Table 2
 
Summary of Molecular Results With Predicted Pathogenicity and Previous Reports
Table 2
 
Summary of Molecular Results With Predicted Pathogenicity and Previous Reports
A targeted gene panel of 176 genes identified an apparent homozygous variant c.998G > A(p.Cys333Tyr) in the third proband. This was also present in two other affected family members, with one unaffected sibling not harboring the variant; parental DNA was unavailable. It is therefore possible, in this nonconsanguineous family, that the affected patients are hemizygous with a deletion on the other allele. This variant has not been reported in an affected patient before but is present in 2 of 121,370 alleles on ExAC. 
WGS identified the same homozygous variant in a fourth unrelated family (patient 4). Affected and unaffected family members overseas were unavailable for further testing. 
Patient 5 also underwent targeted sequencing of 176 retinal genes, identifying two variants. The first, c.1021G > A (p.Ala341Thr), has an allele frequency of 10 in 119,692 on ExAC and is predicted to be damaging in silico (SIFT 0.03, Polyphen2 1.00). The second is a novel frameshifting mutation, c.1422_1423insAA (p.Arg475Asnfs*14). Segregation in his parents confirmed the mutations to be in trans
Conservation of the missense variants identified in this study was compared to syndromic missense variants across a diverse range of orthologues (Supplementary Fig. S2). Ala341Thr, Thr484Met, and Ser939Pro are not conserved, and Cys333Tyr is fully conserved. Six of nine syndromic missense mutations are fully conserved, and three are not conserved. 
Localization of IFT140 and Mutants in hTERT-RPE1 Cells
Site-directed mutagenesis using mutation-specific complementary primer pairs (Supplementary Table S1) generated four plasmid clones. Mutagenesis was confirmed by sequencing of the entire open reading frame. A total of six plasmids were used in cell transfection experiments: two contained nonsyndromic mutations c.1451C > T(p.Thr484Met, T484M) and c.2815T > C (p.Ser939Pro, S939P); one previously unreported mutation, c.1319T > C (p.Leu440Pro, L440P), from a patient with Leber congenital amaurosis and renal failure (Perrault I, written communication, 2015); a previously reported plasmid with a syndromic mutation c.1990G > A (p.Glu664Lys,E664K)5; the WT plasmid; and a polymorphism, c.2330T > G (p.Leu777Arg, L777R), rs34535263. Following transient transfection of IFT140 plasmids in hTERT-RPE1 cells and subsequent immunostaining, analysis of aberrant IFT140 localization with the basal body was performed (Fig. 3). Mean transfection efficiency was 38%, with generalized cytoplasmic staining frequently observed. Those cells with specific basal body labeling by IFT140 were counted. Statistically significant aberrant localization was found for T484M, S939P, L440P, and E664K compared with WT and L777R (P < 0.0001). No significant difference was found between T484M, S939P, L440P, and E664K (P = 1) or between T484M and S939P compared with the syndromic mutants L440P and E664K.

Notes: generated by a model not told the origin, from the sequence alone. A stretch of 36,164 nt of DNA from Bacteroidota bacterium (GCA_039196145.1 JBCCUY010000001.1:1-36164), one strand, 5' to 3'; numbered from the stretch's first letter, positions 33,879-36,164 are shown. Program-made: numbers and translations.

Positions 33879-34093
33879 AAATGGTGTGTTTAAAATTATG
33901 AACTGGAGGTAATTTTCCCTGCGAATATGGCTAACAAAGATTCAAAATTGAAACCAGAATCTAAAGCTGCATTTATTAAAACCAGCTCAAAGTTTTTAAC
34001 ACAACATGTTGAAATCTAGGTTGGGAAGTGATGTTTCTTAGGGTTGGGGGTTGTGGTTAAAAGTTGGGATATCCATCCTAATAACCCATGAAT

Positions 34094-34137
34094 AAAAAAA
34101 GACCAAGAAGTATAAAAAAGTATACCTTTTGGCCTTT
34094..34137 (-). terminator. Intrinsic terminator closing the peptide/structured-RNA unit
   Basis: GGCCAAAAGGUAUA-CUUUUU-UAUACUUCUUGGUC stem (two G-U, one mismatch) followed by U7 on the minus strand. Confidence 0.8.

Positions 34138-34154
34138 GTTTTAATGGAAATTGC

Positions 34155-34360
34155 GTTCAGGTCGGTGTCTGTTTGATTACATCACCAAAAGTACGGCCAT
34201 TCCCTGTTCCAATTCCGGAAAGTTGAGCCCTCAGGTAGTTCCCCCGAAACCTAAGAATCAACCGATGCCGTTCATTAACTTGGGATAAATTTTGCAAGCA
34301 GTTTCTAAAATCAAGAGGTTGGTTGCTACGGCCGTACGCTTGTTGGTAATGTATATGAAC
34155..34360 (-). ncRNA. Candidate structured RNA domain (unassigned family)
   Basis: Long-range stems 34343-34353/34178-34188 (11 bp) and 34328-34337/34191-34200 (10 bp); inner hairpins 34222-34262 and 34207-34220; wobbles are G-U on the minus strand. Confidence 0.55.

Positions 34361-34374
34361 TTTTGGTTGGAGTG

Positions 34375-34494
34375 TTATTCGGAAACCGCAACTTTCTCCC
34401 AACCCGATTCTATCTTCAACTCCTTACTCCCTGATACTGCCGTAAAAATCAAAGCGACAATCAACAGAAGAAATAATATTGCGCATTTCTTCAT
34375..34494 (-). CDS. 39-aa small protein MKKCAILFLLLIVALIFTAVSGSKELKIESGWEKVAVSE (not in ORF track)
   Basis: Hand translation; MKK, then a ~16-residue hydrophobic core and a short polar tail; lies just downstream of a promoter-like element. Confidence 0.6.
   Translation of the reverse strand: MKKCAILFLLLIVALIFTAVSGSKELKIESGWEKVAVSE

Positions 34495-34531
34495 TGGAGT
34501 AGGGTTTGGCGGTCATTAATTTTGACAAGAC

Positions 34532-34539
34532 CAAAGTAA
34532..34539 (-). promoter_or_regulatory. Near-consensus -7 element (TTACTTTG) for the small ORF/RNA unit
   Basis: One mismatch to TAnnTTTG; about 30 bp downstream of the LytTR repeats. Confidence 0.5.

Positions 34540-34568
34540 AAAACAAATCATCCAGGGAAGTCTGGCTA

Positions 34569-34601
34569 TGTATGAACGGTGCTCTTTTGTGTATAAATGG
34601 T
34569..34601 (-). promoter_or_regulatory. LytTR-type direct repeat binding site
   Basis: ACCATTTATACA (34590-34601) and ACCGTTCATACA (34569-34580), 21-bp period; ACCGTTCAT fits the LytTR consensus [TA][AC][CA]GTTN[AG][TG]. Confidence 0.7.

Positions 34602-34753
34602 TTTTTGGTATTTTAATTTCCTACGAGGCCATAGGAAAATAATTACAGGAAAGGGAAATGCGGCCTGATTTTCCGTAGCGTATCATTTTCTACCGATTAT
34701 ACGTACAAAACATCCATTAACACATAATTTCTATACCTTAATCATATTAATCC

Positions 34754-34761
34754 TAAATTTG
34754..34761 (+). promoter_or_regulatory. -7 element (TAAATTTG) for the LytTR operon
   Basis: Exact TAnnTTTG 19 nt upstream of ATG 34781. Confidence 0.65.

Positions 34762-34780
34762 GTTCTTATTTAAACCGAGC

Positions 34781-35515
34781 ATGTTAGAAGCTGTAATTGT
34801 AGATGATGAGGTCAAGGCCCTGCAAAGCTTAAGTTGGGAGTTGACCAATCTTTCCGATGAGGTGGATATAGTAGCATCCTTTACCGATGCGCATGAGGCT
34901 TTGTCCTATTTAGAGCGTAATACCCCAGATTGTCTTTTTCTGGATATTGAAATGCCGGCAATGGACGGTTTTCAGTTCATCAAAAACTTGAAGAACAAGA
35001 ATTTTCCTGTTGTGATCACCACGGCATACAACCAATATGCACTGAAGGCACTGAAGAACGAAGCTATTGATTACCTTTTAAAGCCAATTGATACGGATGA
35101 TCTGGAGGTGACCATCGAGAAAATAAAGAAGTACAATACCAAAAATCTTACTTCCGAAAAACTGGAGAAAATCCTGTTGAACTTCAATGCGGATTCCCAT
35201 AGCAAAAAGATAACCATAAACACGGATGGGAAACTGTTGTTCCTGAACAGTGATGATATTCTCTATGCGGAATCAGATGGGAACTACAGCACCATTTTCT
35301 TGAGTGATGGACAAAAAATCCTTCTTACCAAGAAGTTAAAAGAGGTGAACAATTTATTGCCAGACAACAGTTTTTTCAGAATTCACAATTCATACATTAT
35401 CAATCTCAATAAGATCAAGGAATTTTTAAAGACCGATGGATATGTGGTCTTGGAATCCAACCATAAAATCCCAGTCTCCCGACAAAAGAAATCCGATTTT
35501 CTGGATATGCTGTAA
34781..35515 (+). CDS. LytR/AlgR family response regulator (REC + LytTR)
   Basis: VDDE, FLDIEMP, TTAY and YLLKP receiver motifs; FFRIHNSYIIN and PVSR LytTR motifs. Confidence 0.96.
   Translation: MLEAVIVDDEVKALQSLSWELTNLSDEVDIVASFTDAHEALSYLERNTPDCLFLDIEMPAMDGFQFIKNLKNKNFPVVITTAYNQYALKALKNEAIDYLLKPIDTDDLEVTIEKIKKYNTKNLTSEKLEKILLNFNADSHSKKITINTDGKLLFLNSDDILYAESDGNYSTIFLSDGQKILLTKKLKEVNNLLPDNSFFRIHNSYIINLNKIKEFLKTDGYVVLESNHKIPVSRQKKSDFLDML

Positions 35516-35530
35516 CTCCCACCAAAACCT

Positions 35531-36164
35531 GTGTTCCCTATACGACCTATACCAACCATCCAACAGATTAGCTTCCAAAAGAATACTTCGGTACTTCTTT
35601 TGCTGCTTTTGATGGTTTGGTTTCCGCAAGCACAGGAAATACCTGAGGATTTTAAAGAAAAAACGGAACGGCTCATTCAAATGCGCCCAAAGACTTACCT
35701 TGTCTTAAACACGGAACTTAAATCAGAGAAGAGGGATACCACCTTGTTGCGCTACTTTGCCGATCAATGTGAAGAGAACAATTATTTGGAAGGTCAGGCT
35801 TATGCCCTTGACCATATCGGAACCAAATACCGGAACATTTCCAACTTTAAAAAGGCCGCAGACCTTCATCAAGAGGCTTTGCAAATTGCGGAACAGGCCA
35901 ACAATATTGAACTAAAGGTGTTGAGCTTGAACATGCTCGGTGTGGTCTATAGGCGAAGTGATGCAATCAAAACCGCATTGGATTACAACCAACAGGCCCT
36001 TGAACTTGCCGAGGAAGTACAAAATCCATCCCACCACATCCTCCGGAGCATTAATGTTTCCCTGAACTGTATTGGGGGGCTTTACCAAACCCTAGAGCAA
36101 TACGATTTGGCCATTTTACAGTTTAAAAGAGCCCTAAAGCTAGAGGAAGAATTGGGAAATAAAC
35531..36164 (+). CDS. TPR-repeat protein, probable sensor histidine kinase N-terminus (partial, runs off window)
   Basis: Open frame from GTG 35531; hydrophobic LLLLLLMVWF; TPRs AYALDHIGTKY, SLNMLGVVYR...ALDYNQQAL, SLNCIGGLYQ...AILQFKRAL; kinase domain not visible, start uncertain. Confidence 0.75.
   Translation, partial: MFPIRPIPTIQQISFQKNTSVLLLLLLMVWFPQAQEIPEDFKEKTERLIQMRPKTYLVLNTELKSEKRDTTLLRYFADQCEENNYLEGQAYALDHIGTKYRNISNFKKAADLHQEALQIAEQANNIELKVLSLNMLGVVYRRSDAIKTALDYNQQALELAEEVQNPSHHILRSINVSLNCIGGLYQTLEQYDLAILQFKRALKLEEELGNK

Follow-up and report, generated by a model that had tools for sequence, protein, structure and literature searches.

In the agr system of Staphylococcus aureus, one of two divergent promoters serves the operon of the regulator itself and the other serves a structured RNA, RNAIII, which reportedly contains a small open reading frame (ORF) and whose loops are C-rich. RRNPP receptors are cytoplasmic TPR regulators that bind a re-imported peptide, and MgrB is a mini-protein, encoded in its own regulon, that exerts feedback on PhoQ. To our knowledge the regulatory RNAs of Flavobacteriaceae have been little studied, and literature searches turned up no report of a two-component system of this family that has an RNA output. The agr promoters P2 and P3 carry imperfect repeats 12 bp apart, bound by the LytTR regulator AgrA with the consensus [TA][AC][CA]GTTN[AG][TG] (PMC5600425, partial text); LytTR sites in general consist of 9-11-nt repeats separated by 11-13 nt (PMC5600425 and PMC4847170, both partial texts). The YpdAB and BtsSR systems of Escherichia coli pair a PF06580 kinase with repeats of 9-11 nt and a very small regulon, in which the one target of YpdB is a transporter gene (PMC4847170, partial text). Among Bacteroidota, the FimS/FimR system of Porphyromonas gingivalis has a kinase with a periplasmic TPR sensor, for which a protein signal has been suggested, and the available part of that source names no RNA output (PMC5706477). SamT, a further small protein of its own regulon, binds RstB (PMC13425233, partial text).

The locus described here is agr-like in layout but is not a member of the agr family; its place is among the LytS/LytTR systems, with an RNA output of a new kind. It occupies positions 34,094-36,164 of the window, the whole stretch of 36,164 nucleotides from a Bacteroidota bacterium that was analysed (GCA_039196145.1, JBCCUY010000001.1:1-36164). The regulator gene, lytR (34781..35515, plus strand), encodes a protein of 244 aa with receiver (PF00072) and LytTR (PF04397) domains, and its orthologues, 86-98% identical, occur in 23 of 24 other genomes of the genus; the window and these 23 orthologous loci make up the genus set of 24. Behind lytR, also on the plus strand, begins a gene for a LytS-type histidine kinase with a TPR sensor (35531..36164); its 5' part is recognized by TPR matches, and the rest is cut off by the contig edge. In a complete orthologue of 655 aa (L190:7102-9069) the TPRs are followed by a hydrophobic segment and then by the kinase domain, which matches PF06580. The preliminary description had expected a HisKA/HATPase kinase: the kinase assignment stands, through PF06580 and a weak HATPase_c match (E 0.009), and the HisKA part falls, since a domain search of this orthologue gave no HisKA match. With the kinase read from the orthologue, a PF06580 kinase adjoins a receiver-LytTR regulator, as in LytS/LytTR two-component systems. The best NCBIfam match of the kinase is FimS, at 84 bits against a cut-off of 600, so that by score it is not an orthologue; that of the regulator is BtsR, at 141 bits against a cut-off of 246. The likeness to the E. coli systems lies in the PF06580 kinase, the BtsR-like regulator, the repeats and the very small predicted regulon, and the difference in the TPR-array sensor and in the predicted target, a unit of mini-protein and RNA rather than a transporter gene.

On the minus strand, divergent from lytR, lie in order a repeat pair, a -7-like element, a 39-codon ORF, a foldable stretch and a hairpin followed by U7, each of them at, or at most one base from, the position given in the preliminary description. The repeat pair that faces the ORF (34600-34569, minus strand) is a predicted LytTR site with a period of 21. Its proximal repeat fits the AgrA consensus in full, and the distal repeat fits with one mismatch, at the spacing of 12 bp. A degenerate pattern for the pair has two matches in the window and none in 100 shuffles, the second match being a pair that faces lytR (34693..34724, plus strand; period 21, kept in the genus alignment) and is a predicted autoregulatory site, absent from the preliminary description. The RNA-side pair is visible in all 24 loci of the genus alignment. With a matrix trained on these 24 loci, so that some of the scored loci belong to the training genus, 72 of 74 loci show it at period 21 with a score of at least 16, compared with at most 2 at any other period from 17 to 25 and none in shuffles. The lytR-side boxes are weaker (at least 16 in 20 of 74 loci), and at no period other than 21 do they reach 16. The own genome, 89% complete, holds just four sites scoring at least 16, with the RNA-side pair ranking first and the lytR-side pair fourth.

Figure 3
 
Aberrant localization of IFT140 with basal bodies in transiently transfected hTERT-RPE1 cells. (A) Six Myc-DDK–tagged IFT140 plasmid constructs comprising wild type (WT) and five mutants: L440P (syndromic), T484M (nonsyndromic), E664K (syndromic), L777R (polymorphism), and S939P (nonsyndromic). Cells were immunostained with primary antibodies to the IFT140 plasmid (rat anti-DYKDDDDK Tag antibody), and basal body (rabbit anti-pericentrin) and secondarily stained with donkey anti-rat and donkey anti-rabbit. Cells were visualized with Zeiss confocal microscopy. Expressed IFT140 (white arrow) and basal body localization were reduced in all mutants compared with WT and a single nucleotide polymorphism, L777R. Scale bar. 20 μm. (B) The percentage of transfected cells with localization of IFT140 to the basal body was calculated from a mean of three independent experiments with >100 cells counted per experiment. A statistically significant difference was found between WT and E664K, L440P, T484M, and S939P (***P < 0.0001) and between L777R and E664K, L440P, T484M, and S939P (P < 0.0001), with no difference between WT and L777R (P = 1). There was also no statistically significant difference found between the syndromic mutants, E664K and L440P, and the T484M and S939P mutants (P = 1).
Figure 3
 
Aberrant localization of IFT140 with basal bodies in transiently transfected hTERT-RPE1 cells. (A) Six Myc-DDK–tagged IFT140 plasmid constructs comprising wild type (WT) and five mutants: L440P (syndromic), T484M (nonsyndromic), E664K (syndromic), L777R (polymorphism), and S939P (nonsyndromic). Cells were immunostained with primary antibodies to the IFT140 plasmid (rat anti-DYKDDDDK Tag antibody), and basal body (rabbit anti-pericentrin) and secondarily stained with donkey anti-rat and donkey anti-rabbit. Cells were visualized with Zeiss confocal microscopy. Expressed IFT140 (white arrow) and basal body localization were reduced in all mutants compared with WT and a single nucleotide polymorphism, L777R. Scale bar. 20 μm. (B) The percentage of transfected cells with localization of IFT140 to the basal body was calculated from a mean of three independent experiments with >100 cells counted per experiment. A statistically significant difference was found between WT and E664K, L440P, T484M, and S939P (***P < 0.0001) and between L777R and E664K, L440P, T484M, and S939P (P < 0.0001), with no difference between WT and L777R (P = 1). There was also no statistically significant difference found between the syndromic mutants, E664K and L440P, and the T484M and S939P mutants (P = 1).